Charles Walton is a member of the Eighteenth Century Centre at the University of Warwick and associate researcher at the Institut d’histoire de la Révolution française (Paris I- Panthéon Sorbonne). After a BA at Berkeley and a PhD at Princeton University, he taught at Yale University, the University of Oklahoma and Sciences Po, Paris. His book on public opinion in the French Revolution was awarded the 2010 Gaddis Smith International Book Prize of Yale University. He is currently co-directing an international network “Rights, Duties and the Politics of Obligation: Socioeconomic Rights in History”.
Old regime; Enlightenment; Revolutionary France; democratizations; rights and duties; liberalism and socio-economics justice.
Policing Public Opinion in the French Revolution: The Culture of Calumny and the Problem of Free Speech, Oxford, 2009 (in French, 2014).
Into Print: Limits and Legacies of the Enlightenment. Essays in Honor of Robert Darnton, Penn State University Press, 2011.
The Fall from Eden: The Free-Trade Origins of the French Revolution, The French Revolution in Global Perspective, Cornell, 2013.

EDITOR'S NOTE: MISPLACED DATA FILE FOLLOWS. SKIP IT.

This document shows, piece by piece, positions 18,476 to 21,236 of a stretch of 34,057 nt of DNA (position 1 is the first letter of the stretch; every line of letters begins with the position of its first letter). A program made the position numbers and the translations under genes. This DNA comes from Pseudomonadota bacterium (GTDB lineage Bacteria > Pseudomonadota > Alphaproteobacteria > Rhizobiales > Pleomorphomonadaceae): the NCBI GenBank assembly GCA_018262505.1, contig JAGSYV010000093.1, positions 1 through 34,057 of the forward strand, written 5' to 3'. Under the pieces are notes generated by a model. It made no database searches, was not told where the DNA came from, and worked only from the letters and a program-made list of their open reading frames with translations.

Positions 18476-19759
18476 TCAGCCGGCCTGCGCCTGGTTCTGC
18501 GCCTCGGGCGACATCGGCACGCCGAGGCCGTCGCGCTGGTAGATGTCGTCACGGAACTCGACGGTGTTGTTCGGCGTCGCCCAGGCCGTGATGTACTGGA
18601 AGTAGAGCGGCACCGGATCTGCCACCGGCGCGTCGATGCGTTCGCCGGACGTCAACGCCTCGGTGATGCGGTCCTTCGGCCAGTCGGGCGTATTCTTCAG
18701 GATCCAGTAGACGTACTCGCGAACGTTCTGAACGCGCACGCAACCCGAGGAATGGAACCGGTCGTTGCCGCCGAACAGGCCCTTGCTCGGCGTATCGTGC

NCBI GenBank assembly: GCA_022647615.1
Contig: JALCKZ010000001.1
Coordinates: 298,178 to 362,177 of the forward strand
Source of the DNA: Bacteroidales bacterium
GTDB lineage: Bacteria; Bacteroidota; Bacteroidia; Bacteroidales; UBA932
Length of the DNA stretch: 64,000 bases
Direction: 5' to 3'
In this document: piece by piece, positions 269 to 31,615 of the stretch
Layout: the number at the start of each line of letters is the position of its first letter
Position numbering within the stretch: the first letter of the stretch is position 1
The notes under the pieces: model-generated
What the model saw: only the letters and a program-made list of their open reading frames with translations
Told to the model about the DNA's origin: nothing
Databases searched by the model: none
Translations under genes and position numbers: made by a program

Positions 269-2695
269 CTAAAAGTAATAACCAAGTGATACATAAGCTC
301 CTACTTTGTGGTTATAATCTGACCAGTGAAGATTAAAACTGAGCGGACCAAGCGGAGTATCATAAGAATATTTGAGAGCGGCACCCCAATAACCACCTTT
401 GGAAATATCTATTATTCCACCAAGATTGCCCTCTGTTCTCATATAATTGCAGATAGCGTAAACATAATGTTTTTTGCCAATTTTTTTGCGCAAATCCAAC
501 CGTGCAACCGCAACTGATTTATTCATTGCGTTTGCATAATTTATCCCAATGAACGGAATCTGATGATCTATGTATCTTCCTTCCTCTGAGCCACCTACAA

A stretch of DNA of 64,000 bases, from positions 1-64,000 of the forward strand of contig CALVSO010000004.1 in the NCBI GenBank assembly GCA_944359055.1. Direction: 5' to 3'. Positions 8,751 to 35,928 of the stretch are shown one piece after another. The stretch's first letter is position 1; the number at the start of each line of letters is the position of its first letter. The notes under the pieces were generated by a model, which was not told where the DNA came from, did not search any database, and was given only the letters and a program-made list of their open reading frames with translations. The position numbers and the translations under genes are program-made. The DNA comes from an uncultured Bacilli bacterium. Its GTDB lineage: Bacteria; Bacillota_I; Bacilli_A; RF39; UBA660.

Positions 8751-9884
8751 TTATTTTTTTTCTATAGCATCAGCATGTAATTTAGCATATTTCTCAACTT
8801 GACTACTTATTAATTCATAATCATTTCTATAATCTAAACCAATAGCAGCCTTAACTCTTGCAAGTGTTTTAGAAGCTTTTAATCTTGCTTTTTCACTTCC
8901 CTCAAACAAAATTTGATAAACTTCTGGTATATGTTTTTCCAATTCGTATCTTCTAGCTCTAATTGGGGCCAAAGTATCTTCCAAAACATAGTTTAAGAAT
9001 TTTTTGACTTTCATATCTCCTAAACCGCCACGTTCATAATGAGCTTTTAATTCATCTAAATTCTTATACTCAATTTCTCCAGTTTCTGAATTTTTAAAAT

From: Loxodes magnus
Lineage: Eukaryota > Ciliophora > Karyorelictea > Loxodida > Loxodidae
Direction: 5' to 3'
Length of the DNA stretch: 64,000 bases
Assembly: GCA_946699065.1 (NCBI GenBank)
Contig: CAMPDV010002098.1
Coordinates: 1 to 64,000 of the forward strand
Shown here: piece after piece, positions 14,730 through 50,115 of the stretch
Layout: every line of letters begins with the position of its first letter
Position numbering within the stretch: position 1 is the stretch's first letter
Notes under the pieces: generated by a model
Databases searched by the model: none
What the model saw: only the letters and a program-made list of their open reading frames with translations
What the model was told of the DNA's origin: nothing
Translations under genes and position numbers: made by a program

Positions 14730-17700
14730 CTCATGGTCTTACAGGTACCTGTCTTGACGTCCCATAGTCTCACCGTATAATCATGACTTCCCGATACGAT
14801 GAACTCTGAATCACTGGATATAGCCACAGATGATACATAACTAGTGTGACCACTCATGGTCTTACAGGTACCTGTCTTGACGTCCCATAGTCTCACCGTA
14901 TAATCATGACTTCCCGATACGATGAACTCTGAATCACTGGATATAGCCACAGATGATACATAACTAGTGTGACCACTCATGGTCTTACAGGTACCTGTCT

La liberté de la presse selon les cahiers de doléances de 1789, Revue d'histoire moderne et contemporaine 53, 2007.
This research project offers new answers to the old question: Why did the French Revolution radicalize after 1789? The approach chosen emphasizes the politics of interests. Prior interpretations, which stress circumstances, counterrevolution or political ideology, leave little room for the role of interests. Drawing on the anthropological concepts of redistribution and reciprocity, the project will show how commitments to economic liberalism, before and during the Revolution, radicalized politics. As Karl Polanyi noted in The Great Transformation (1944), the more authorities try to evacuate material demands from politics, the more those demands storm back into politics with a vengeance. Although he did not apply this insight to the French Revolution, it helps us understand the political dynamics of the late 1780s and early 1790s. The failure to meet redistributive demands for rents (interest on the public debt) and for bread (due to commitments to free-markets) weakened the ability of each successive regime to command allegiances. As redistribution dried up at the top, it exploded in radicalized form at the level of local politics (1792-1794).